Wednesday, 10 October 2012

Good news for cycling from City of London, Transport for London and Southwark Council - Real coordination taking place on the Waterloo bike route and masses of new cycle contraflows in the Square Mile


Firstly, an update on the story at Upper Ground - the main Waterloo to City of London bicycle link. Southwark Council last night issued a press release confirming what I'd posted on this blog last week, namely that Southwark Council "will not close [the route] until a full Traffic Safety Audit has been carried out which will pin point the best alternative routes in the immediate area [and] will continue to work with cyclists, Transport for London and the developers involved, to find safer routes in the vicinity."I'm impressed that Southwark has a) held its hand up and admitted it should have handled the closure of this vital cycle route better in the first place and b) once it realised its mistake, that Southwark has reacted quickly and efficiently to bring relevant parties together to try and resolve the problem.

One of the first contraflow cycle routes in the City of London.
More coming soon. 
What's equally impressive, though, is what is happening behind closed doors elsewhere:

My understanding is that (partly as a result of Southwark's initially clunky handling of the bike route closure?), Transport for London was not involved in the decision to close the Waterloo to City bike route. There's no reason why TfL should be involved in the closure itself. But Southwark's proposal was to shove people from the safe cycle route on to busy TfL roads instead (namely Stamford Street and Blackfriars Road) - thereby making this a TfL problem.

It seems that in the few days since the team at Southwark Cyclists and this blog raised the issue of the bike route closure, Transport for London has been fully engaged with Southwark Council and the two authorities are working cooperatively to come up with alternative routes. This is how things should be. It means that both of the authorities responsible for the roads around this area are working together to think about how to enable people to travel safely and conveniently around London. We need more of this elsewhere in London too.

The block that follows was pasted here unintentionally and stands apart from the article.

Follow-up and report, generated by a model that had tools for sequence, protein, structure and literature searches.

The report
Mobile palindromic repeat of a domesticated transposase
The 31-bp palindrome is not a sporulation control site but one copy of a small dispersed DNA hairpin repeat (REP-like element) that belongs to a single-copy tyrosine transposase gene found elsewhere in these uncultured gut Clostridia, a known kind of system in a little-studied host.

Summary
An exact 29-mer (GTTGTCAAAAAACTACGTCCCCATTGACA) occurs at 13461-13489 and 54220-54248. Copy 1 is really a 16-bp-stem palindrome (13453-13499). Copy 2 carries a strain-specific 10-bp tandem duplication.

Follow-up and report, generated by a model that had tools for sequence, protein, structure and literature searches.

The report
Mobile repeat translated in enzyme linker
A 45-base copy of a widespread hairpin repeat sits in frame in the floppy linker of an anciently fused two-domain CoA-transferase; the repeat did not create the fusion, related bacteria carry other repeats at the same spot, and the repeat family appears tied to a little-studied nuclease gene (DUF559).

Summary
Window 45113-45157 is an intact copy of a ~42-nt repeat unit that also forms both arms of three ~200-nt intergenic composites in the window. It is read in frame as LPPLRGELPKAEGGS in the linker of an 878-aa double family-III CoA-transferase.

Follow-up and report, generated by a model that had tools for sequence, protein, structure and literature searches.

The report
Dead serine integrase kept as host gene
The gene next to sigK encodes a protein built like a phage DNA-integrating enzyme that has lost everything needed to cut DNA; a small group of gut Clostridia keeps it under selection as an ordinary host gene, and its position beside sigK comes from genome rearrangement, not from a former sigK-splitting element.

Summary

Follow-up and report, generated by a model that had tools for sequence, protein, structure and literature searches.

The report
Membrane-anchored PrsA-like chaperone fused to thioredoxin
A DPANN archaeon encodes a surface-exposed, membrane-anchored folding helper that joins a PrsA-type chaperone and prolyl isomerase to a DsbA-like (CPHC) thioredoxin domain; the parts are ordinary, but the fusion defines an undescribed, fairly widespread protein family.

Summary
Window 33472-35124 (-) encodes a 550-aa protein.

I've been led to believe that TfL is keen not to close the Upper Ground cycle route if at all possible.  That doesn't mean that the closure is avoidable. But it does mean that the right people are trying to find proper alternatives by working together. I've also been told that Southwark and TfL are reviewing the entire corridor between Blackfriars Bridge and St George's Circus (down at the end of the nasty and intimidating drag race strip that is Blackfriars Road) with a view to making it radically safer and more convenient to cycle along. There's plenty of space to do something meaningful along this corridor to improve bicycle transport. It may be some years before we actually see that emerge on the ground but it's clear that senior people at both Transport for London and at Southwark are thinking constructively about how to make bicycle transport more practical and safer along this corridor. That's good. It would benefit everyone to change this street - which is currently something of an express sewer pipe for several lanes of motor vehicles to floor it from one end to the other - into a place that is safe and pleasant for everyone.

But that's not all that's happening on the cycling front.

Lots more of these signs heading to the Square Mile soon
Over the other side of the Bridge, in the City of London, the authorities have announced that they intend to turn nearly 30 one-way streets two-way for cycling. One of the most interesting developments is the idea to create a series of two-way cycle routes in the streets around Bank junction that would act like a sort of cyclist bypass, allowing people to cycle around the outside of 3/4 of Bank without having to negotiate the junction itself. Given that Bank is one of the most dangerous junctions in London and is in any case horribly slow and congested to cycle through, I think this is a hugely positive step.

The proposals will be listed on the City of London's website by next week and the stated intention is to:


·      Improve safety by providing alternatives to some of the busiest City streets.